Jan 052016

On Valentine’s Day 1966, Australia introduced decimal currency.

A public information blitz had prepared people extremely well, and the changeover from pounds shillings and pence went remarkably smoothly.

For some the look and feel of the new decimal currency took a little getting used to. “The most common comment was that the notes looked like money used in the game Monopoly,” reported the Canberra Times.

“The coins are beautiful but the notes are shocking,” a voice had been heard exclaiming.

The original decimal paper notes have long since been replaced by polymer notes. But if you check your change there’s still a chance you’ll find a coin dating back to the 1960s.

Six artists had been chosen to submit designs for the decimal coins by way of a limited competition. The winner was Geelong-born designer and sculptor Stuart Devlin whose heralded designs featured Australian fauna.

The following British Pathé newsreel shows Stuart Devlin making animal sketches and inspecting his coin ‘plasters’ for Australia’s new decimal coins in 1964.

SpacerPerth Mint Starts Decimal Production

A new mint in Canberra was specially commissioned to make the decimal coinage, but it didn’t open until 1965. To ensure the massive number of new coins required was made on time, the Royal Mint’s Perth and Melbourne branches were enlisted early to begin production of the two lowest denominations.

In fact, The Perth Mint’s contribution to decimal coinage lasted 20 years. Between 1964 and 1984 it churned out a massive 829 million 2 cents coins along with 26 million 1 cent coins.

Production of Australian decimal 1 and 2 cents coins ceased completely in 1990 and they were withdrawn from circulation from February 1992.

50th Anniversary of Australian Decimal Currency
2016 1oz Silver Proof Two-Coin Set

In celebration of the 50th anniversary of decimalisation, The Perth Mint is delighted to reveal that it has been authorised to revive Stuart Devlin’s feathertail glider and frill-necked lizard designs in silver for a special 50th anniversary of decimalisation set.

50thAnn-AustralianDecimalCurrency-1Cent-Silver-ProofAbout 7.5cm in body length, the feathertail glider is Australia’s smallest possum. Like other gliding possums (or flying squirrels), it has webs of skin between its hands and feet, enabling it to ‘glide’. A nocturnal marsupial that carries its young in a pouch, the feathertail glider lives in trees in Australia’s eastern coastal region. During aerial descents, it uses its feather-like tail as a rudder.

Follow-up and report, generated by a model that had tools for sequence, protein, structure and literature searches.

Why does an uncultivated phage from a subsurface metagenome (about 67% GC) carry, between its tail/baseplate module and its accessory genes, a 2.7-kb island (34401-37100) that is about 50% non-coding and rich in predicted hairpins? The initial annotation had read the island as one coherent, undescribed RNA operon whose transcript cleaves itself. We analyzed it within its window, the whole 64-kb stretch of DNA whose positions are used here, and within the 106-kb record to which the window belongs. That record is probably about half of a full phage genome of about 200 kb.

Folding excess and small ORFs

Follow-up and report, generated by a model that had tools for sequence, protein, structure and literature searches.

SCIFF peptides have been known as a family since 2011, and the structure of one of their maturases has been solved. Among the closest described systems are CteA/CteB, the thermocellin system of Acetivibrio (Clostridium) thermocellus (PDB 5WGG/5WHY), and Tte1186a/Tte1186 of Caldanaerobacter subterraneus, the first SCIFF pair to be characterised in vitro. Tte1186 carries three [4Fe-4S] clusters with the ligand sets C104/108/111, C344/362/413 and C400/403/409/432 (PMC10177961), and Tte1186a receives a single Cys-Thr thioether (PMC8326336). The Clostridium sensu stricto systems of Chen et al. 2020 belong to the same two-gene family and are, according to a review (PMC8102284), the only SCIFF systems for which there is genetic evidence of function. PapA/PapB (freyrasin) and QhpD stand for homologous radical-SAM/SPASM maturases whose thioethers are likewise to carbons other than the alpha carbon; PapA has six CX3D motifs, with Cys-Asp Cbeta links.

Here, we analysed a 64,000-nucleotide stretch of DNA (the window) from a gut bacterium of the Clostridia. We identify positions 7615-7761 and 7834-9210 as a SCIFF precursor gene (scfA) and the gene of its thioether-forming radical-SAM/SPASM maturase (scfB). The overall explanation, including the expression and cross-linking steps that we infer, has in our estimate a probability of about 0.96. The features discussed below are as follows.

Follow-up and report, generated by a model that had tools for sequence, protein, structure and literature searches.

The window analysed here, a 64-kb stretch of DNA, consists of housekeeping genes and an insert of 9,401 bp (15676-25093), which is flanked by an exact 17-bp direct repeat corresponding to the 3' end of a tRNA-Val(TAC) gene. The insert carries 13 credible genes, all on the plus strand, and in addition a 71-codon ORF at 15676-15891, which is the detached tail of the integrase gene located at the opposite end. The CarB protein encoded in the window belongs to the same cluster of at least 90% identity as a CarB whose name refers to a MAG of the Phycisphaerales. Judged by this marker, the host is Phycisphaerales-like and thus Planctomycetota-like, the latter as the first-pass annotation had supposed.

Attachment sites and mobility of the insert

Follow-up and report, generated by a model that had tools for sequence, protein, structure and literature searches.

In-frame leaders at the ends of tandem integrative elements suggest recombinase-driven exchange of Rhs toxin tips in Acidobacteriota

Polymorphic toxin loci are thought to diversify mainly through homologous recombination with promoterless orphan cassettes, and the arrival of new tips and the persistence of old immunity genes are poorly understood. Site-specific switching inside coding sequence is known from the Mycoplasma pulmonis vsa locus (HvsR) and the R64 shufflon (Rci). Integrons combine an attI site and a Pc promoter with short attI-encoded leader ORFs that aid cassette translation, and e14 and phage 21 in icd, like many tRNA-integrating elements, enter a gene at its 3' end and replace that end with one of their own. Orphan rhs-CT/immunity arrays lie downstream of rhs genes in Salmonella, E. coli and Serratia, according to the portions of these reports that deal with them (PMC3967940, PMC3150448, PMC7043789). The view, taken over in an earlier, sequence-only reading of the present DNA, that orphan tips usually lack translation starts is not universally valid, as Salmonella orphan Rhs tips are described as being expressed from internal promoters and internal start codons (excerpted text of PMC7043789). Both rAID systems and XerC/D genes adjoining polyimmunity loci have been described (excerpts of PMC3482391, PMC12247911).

50thAnn-AustralianDecimalCurrency-2Cent-Silver-Proof-About 75cm long, of which more than half is its tail, the frill-necked lizard lives in northern parts of Australia. It has a large frill around its neck which usually remains folded back on its shoulders when resting or running. When the lizard is cornered or angered, however, it raises its body, gapes its mouth open and unfurls its frill before bolting as fast as it can away from a predator.


Issued as Australian legal tender, each coin is struck from 1oz of 99.9% pure silver. The reverse of both coins includes the initials ‘SD’, as well as The Perth Mint’s ‘P’ mintmark.

Includes original 1 cent and 2 cents copper coins

The coins are housed in a two-coin display case which also includes a pouch containing an original 1 cent and 2 cents coin.

No more than 2,000 of these evocative sets will be released.


Mar 052015

Rare Perth Mint coins collectively worth a million dollars will be flown from Melbourne and displayed at the Perth coin and banknote show on Saturday, March 7 and Sunday, March 8, 2015, courtesy of Coinworks. Highlight of the display, the unique 1901 Perth Mint Proof Half Sovereign and Proof Sovereign: the pair of coins valued in excess of half a million dollars.

Coinworks managing director Belinda Downie says that ‘Proof’ coins are collector pieces, synonymous with rarity with only a handful ever struck and never intended to be used in every-day use.

But what makes Perth Mint ‘proof’ Gold Sovereigns incredibly rare is that over the years in which the Perth Mint was operating as a gold coin producer (1899 – 1931), the mint only struck ‘proof’ sovereigns in three separate years – 1899, 1901 and 1931.

Even rarer again, the Perth Mint struck ‘proof’ Gold Half Sovereigns in only two separate years – 1899 and 1901, both of which are unique.

Downie says a single Melbourne investor owns the 1901 Perth Mint Proof Gold Sovereign and the 1901 Perth Mint Proof Gold Half Sovereign.

The pair is unique and was acquired for $450,000 several years ago. Downie is bringing the pair to Perth after the owner agreed to a Coinworks request to display the coins at the show.

But while the Perth Mint commenced striking Australia’s gold coins in 1899, and is still to this day a major gold coin producer, the mint in 1941 diversified its gold coining repertoire, and began striking the nation’s coppers (pennies and halfpennies) at the request of Treasury.